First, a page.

Home About us Editorial board Ahead of print Browse Articles Search Submit article Instructions Subscribe Contacts Login 
  • Users Online: 1945
  • Home
  • Print this page
  • Email this page

Previous article Browse articles Next article 
J Res Med Sci 2017,  22:37

Pimpinella anisum L. fruit: Chemical composition and effect on rat model of nonalcoholic fatty liver disease

1 Department of Pharmacology and Toxicology, Faculty of Pharmacy, Pharmaceutical Sciences Branch, Islamic Azad University, Tehran 194193311, Iran
2 Pharmaceutical Sciences Research Center, Faculty of Pharmacy, Tehran University of Medical Sciences, Tehran 1417614411, Iran
3 Department of Traditional Pharmacy, School of Traditional Medicine, Tehran University of Medical Sciences, Tehran 1417653761; PhytoPharmacology Interest Group, Universal Scientific Education and Research Network, Tehran, Iran

Date of Submission28-Sep-2016
Date of Decision26-Nov-2016
Date of Acceptance24-Dec-2016
Date of Web Publication15-Mar-2017

Correspondence Address:
Roja Rahimi
Department of Traditional Pharmacy, School of Traditional Medicine, Tehran University of Medical Sciences, Tehran 1417653761
Login to access the Email id

Source of Support: None, Conflict of Interest: None

DOI: 10.4103/1735-1995.202147

Rights and Permissions

Background: Nonalcoholic fatty liver disease (NAFLD) includes a group of chronic liver disorders caused by irregular accumulation of fat in liver tissue. The current study aimed to evaluate chemical composition and the effect of fruit extract and essential oil of Pimpinella anisum in experimental model of NAFLD. Materials and Methods: Sixty rats were randomly divided into ten groups, six in each group. NAFLD was induced in rats using choline-deficient diet for 90 days, followed by 30 days of treatment with 25, 50, 100, and 200 mg/kg/day of hydroethanolic extract (AE) as well as 0.125, 0.25, and 0.5 mg/kg/day of essential oil (AO). Blood samples were collected in the final day, and lipid profile, aspartate aminotransferase (AST), alanine aminotransferase (ALT) as well as biomarkers of oxidative damage including myeloperoxidase, lipid peroxidation, total thiol molecules, and ferric-reducing ability of plasma were measured. Liver tissue sections of the sacrificed rats were also assessed histologically. Results: AE and AO significantly reversed increase in the plasma levels of total cholesterol, low-density lipoprotein, and triacylglycerol and decrease in high-density lipoprotein level in a dose-dependent manner (P < 0.05). Serum levels of AST and ALT were also significantly modified by treatment with AE and AO (P < 0.05). Biomarkers of oxidative stress were modulated by administration of AE and AO (P < 0.05). Histological assessments also confirmed the effectiveness of treatments by reduced macrovesicular steatohepatitis. Conclusion: It could be concluded that P. anisum fruit extract and essential oil have beneficial effects in the treatment of NAFLD. Further studies are necessary to confirm safety and efficacy of this medicinal plant in clinical setting.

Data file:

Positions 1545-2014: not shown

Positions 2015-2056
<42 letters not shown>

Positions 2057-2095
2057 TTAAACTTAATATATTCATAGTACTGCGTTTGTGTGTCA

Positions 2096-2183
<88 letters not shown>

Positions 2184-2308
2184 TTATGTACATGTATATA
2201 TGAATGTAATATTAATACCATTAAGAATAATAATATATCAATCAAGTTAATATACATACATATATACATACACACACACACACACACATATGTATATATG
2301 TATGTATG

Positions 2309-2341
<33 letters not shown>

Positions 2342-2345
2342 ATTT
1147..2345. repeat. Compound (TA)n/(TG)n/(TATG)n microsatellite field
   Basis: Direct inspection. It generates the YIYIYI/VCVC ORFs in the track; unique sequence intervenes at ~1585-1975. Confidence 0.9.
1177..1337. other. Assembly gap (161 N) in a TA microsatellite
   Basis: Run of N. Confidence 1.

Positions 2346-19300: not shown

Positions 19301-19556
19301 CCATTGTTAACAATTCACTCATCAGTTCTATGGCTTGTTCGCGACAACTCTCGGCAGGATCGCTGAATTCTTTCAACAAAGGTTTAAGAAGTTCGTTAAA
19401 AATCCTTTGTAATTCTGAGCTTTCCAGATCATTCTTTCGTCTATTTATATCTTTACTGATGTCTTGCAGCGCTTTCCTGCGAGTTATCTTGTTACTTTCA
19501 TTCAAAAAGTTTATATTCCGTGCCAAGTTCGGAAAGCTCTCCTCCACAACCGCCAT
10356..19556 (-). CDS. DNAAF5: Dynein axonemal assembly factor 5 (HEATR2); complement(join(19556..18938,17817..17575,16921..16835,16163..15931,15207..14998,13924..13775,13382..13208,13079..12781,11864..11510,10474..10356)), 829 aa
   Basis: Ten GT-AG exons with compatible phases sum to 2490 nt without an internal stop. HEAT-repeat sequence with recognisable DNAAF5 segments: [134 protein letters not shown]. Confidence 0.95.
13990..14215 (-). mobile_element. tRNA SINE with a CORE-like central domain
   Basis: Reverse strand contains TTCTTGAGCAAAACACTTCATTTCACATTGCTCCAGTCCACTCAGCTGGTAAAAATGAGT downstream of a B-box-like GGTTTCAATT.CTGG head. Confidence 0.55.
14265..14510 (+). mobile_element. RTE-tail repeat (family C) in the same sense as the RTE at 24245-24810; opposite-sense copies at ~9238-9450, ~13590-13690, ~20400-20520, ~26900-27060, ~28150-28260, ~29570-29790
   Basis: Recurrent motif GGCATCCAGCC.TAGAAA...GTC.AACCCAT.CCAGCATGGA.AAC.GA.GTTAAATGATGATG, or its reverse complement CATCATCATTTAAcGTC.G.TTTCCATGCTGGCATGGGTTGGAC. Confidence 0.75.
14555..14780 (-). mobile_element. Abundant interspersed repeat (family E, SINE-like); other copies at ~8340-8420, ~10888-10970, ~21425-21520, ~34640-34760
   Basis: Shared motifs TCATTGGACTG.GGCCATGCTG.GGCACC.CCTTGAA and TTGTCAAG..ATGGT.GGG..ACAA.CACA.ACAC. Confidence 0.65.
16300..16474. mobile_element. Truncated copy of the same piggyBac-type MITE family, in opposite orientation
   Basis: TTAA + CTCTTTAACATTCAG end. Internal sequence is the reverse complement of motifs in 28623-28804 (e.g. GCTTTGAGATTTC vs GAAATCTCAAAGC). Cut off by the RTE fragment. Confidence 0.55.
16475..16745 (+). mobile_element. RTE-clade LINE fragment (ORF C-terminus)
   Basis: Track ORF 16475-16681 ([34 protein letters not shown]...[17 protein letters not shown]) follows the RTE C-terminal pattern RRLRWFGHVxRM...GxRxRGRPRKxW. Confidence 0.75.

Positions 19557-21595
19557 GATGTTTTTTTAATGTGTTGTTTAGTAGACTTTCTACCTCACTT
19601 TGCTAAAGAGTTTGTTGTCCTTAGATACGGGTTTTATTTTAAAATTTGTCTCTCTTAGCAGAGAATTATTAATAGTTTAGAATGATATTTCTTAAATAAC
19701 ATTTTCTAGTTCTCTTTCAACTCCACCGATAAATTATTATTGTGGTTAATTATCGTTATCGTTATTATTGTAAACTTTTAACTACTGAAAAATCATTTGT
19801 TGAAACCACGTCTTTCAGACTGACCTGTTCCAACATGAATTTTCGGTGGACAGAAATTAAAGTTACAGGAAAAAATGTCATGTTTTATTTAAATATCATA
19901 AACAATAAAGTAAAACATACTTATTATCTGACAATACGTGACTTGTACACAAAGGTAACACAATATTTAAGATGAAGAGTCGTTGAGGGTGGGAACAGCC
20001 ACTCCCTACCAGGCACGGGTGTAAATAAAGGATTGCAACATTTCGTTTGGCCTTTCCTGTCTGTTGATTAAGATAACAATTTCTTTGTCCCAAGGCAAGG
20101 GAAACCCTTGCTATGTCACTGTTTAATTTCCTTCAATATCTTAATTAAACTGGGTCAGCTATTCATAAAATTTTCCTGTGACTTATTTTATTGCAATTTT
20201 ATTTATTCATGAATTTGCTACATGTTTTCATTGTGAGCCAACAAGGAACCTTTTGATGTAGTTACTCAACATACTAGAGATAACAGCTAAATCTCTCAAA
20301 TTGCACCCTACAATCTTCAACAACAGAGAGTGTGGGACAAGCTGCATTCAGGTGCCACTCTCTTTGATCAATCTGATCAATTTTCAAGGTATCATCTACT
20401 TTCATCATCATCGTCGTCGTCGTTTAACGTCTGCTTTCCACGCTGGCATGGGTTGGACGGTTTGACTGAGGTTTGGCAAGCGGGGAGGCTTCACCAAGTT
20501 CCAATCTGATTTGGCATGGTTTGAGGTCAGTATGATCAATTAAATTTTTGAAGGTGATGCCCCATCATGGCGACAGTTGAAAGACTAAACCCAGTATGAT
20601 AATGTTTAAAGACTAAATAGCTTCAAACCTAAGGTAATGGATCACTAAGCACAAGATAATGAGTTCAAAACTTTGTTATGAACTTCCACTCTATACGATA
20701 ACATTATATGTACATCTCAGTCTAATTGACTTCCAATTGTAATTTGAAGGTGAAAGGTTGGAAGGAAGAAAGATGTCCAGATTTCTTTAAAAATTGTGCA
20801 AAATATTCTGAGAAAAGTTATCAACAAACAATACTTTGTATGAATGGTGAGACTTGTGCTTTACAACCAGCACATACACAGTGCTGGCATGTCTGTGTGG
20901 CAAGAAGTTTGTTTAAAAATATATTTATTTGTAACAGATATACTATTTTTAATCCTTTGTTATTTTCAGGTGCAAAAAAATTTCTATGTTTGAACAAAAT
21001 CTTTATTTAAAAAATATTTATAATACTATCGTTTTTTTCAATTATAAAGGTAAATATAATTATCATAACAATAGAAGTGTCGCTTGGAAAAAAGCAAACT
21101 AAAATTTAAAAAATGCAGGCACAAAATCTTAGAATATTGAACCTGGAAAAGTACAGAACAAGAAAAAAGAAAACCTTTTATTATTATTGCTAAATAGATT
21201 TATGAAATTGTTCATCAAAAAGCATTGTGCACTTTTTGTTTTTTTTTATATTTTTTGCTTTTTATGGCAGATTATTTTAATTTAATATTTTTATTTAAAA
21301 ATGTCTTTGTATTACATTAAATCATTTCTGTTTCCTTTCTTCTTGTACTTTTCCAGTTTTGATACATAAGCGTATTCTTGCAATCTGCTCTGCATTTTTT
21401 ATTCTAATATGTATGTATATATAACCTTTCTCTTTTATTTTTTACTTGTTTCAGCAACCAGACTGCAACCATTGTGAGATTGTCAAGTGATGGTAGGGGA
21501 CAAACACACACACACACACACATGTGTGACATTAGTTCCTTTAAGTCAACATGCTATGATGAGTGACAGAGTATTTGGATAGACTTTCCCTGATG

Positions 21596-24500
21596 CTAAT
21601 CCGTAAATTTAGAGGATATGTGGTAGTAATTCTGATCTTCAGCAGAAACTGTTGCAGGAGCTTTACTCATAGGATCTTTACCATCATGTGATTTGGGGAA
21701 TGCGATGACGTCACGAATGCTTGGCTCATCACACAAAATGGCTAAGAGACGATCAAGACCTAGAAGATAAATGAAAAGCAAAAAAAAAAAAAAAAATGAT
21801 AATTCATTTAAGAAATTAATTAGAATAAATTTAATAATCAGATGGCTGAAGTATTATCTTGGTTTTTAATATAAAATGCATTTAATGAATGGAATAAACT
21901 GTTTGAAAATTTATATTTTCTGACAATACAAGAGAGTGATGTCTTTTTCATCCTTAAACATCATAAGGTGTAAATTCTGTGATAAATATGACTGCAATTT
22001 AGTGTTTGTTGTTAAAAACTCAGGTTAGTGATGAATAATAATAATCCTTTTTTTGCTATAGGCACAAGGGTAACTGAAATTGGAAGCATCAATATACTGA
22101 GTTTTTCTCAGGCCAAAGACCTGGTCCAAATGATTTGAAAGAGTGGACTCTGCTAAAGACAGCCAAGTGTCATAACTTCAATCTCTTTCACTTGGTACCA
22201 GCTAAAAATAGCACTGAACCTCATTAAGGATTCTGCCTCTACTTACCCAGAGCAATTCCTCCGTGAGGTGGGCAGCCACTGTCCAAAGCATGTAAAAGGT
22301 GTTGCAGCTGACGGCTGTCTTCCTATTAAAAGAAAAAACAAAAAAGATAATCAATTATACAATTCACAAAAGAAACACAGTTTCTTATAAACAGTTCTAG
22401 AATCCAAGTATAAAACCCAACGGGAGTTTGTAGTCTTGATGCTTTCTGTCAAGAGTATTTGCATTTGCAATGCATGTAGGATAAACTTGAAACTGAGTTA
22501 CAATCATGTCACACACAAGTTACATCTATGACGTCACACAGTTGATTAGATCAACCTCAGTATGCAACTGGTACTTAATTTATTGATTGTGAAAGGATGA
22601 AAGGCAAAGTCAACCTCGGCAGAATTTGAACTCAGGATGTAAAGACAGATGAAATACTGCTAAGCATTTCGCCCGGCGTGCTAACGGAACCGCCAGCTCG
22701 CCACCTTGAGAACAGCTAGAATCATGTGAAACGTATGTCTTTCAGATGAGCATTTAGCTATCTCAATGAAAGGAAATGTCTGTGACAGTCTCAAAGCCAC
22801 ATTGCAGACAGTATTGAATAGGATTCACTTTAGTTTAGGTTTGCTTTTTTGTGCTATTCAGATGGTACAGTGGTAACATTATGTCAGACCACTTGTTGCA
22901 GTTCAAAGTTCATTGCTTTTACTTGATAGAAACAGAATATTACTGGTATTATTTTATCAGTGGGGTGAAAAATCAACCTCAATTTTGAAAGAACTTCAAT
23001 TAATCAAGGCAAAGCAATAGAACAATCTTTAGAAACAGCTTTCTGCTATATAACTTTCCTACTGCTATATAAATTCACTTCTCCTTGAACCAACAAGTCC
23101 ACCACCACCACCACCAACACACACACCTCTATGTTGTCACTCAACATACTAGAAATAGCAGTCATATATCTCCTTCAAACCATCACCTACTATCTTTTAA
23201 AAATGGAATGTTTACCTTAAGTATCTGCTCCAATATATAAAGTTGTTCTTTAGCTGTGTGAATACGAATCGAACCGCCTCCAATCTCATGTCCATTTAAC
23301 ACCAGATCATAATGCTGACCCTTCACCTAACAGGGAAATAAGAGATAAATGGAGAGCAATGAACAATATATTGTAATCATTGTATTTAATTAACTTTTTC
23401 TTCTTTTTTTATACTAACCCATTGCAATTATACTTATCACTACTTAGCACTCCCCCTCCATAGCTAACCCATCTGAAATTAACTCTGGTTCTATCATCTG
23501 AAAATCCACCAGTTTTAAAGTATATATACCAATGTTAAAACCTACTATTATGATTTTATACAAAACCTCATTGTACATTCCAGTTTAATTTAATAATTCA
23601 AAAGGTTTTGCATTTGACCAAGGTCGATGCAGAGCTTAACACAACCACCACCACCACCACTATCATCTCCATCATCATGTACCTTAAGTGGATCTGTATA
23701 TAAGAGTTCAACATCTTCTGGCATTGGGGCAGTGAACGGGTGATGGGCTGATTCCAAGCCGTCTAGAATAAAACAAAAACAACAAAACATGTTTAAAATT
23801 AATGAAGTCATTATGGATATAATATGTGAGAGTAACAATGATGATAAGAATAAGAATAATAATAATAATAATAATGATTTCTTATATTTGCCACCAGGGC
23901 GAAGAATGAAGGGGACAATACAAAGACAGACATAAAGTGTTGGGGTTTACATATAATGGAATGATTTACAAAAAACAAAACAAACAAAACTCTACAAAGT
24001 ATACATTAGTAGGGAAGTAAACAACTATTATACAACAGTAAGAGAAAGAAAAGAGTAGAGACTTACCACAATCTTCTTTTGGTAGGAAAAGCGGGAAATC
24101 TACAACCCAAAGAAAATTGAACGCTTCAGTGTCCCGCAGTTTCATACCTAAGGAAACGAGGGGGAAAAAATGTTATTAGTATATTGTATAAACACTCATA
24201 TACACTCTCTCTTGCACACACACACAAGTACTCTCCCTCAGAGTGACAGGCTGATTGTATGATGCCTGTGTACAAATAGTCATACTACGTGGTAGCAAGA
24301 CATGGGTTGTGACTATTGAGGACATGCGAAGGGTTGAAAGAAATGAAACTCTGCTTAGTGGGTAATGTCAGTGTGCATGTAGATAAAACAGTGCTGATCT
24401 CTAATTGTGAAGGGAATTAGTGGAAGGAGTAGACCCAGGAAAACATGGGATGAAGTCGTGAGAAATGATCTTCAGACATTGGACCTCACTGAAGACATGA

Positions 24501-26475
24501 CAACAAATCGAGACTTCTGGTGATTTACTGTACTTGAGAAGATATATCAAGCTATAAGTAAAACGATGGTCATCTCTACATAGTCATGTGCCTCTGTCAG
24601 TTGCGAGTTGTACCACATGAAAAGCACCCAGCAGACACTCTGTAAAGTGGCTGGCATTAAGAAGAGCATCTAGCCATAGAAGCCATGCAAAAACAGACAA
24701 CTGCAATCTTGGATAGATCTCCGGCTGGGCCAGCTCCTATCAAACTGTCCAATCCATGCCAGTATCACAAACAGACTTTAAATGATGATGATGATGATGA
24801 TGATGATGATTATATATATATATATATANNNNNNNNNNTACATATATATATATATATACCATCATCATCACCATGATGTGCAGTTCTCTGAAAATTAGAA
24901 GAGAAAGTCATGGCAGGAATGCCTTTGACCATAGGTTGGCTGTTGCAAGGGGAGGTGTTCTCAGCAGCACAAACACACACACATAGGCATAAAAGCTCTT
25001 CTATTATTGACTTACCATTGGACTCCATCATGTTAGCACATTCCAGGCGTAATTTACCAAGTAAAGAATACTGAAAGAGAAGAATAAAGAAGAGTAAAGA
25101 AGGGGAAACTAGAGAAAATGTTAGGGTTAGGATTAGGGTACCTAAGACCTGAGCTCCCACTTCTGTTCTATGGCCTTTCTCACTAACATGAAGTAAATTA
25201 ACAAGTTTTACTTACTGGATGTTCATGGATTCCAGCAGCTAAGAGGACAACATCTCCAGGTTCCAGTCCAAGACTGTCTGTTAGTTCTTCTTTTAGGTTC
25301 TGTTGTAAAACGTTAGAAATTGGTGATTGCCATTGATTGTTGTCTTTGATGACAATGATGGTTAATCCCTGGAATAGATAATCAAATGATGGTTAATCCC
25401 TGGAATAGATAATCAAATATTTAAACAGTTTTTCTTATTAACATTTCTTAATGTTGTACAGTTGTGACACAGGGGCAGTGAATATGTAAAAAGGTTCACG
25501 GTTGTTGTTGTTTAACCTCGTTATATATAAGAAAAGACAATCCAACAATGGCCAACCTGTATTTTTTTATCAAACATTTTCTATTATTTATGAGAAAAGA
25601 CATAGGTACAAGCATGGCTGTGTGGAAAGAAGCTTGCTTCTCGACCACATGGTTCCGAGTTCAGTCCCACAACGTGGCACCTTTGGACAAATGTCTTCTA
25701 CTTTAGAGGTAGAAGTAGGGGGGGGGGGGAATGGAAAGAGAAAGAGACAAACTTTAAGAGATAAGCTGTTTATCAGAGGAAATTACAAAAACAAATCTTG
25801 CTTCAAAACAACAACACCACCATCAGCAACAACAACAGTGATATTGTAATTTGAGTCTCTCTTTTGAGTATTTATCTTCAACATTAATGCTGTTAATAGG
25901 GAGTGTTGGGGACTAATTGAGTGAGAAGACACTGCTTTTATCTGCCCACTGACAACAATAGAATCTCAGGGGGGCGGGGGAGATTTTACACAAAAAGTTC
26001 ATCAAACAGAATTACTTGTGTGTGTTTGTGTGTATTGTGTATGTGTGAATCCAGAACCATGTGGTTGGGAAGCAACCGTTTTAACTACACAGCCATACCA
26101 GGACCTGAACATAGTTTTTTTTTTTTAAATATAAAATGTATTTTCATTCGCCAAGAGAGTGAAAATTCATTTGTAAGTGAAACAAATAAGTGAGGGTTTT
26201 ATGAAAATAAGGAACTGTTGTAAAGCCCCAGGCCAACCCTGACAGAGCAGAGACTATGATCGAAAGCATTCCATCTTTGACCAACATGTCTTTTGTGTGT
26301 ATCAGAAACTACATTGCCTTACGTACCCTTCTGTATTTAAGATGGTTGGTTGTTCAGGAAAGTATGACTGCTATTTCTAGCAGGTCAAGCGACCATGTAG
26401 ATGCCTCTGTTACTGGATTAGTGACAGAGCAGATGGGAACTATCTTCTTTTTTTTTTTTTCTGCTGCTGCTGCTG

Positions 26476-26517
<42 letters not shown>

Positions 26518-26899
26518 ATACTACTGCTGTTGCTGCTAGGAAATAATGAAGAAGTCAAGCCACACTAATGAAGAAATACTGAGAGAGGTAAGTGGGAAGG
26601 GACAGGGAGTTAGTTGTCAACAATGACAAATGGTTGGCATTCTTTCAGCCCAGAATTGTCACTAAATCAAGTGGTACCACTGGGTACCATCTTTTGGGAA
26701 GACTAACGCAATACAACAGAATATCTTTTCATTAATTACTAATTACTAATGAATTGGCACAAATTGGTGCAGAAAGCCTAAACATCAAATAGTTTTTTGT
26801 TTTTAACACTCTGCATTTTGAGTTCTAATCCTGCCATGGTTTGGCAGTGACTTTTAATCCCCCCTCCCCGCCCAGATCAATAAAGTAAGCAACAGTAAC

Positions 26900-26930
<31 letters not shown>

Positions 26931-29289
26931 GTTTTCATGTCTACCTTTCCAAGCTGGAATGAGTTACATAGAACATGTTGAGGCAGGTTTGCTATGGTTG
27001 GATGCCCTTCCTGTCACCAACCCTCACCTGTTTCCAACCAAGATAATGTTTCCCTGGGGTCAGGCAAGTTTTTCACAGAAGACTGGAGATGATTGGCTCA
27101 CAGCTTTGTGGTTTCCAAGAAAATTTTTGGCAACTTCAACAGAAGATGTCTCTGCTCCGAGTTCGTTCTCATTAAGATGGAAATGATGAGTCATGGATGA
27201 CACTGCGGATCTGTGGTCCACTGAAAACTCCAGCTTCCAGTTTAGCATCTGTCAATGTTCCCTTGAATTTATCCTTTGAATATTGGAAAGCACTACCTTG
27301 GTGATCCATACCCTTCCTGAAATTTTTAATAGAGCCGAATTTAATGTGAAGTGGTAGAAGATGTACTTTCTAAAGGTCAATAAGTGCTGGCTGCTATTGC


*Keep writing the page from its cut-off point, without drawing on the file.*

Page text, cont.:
Keywords: Alanine aminotransferase, anise, aspartate aminotransferase, cholesterol, fatty liver, oxidative stress, Pimpinella anisum, steatohepatitis

How to cite this article:
Asadollahpoor A, Abdollahi M, Rahimi R. Pimpinella anisum L. fruit: Chemical composition and effect on rat model of nonalcoholic fatty liver disease. J Res Med Sci 2017;22:37

How to cite this URL:
Asadollahpoor A, Abdollahi M, Rahimi R. Pimpinella anisum L. fruit: Chemical composition and effect on rat model of nonalcoholic fatty liver disease. J Res Med Sci [serial online] 2017 [cited 2021 Nov 27];22:37. Available from: https://www.jmsjournal.net/text.asp?2017/22/1/37/202147

  Introduction Top

Nonalcoholic fatty liver disease (NAFLD) is defined as a spectrum of chronic liver disorders caused by irregular accumulation of fat in liver tissue which results in steatosis, inflammation, and in severe cases, cirrhosis. NAFLD is categorized into two main types including simple steatosis (fatty liver) and nonalcoholic steatohepatitis. The former is usually considered as a benign condition, whereas the latter has severe complications such as inflammation, hepatocellular injury, fibrosis, cirrhosis, and hepatocellular carcinoma.[1]

Today, NAFLD is one of the most popular chronic liver disorders, especially in developed countries, with a prevalence of 20%–30%, which is estimated to be increased due to the unhealthy pattern of diet rich in high-fat and high-carbohydrate foods.[2] Intake of lipogenic sugars including fructose and sucrose, trans-fatty acids and saturated fats as well as insulin resistance is demonstrated to play an important role in the pathogenesis of NAFLD.[1],[3],[4]

The current treatment approaches for the management of NAFLD include lifestyle modification, antioxidant therapy, oral antidiabetics, lipid-lowering agents, surgical interventions, and in the end stage of hepatic injury, liver transplantation; however, not all of the mentioned choices provide acceptable result and are not always well tolerated by patients in long-term use.[1]

Medicinal plants have been widely used for different indications by people all over the world. Traditional medicine in different countries has provided an attractive source of natural agents for the management of chronic disorders including metabolic syndrome, hyperlipidemia, type 2 diabetes mellitus, and gastrointestinal complications.[5],[6],[7]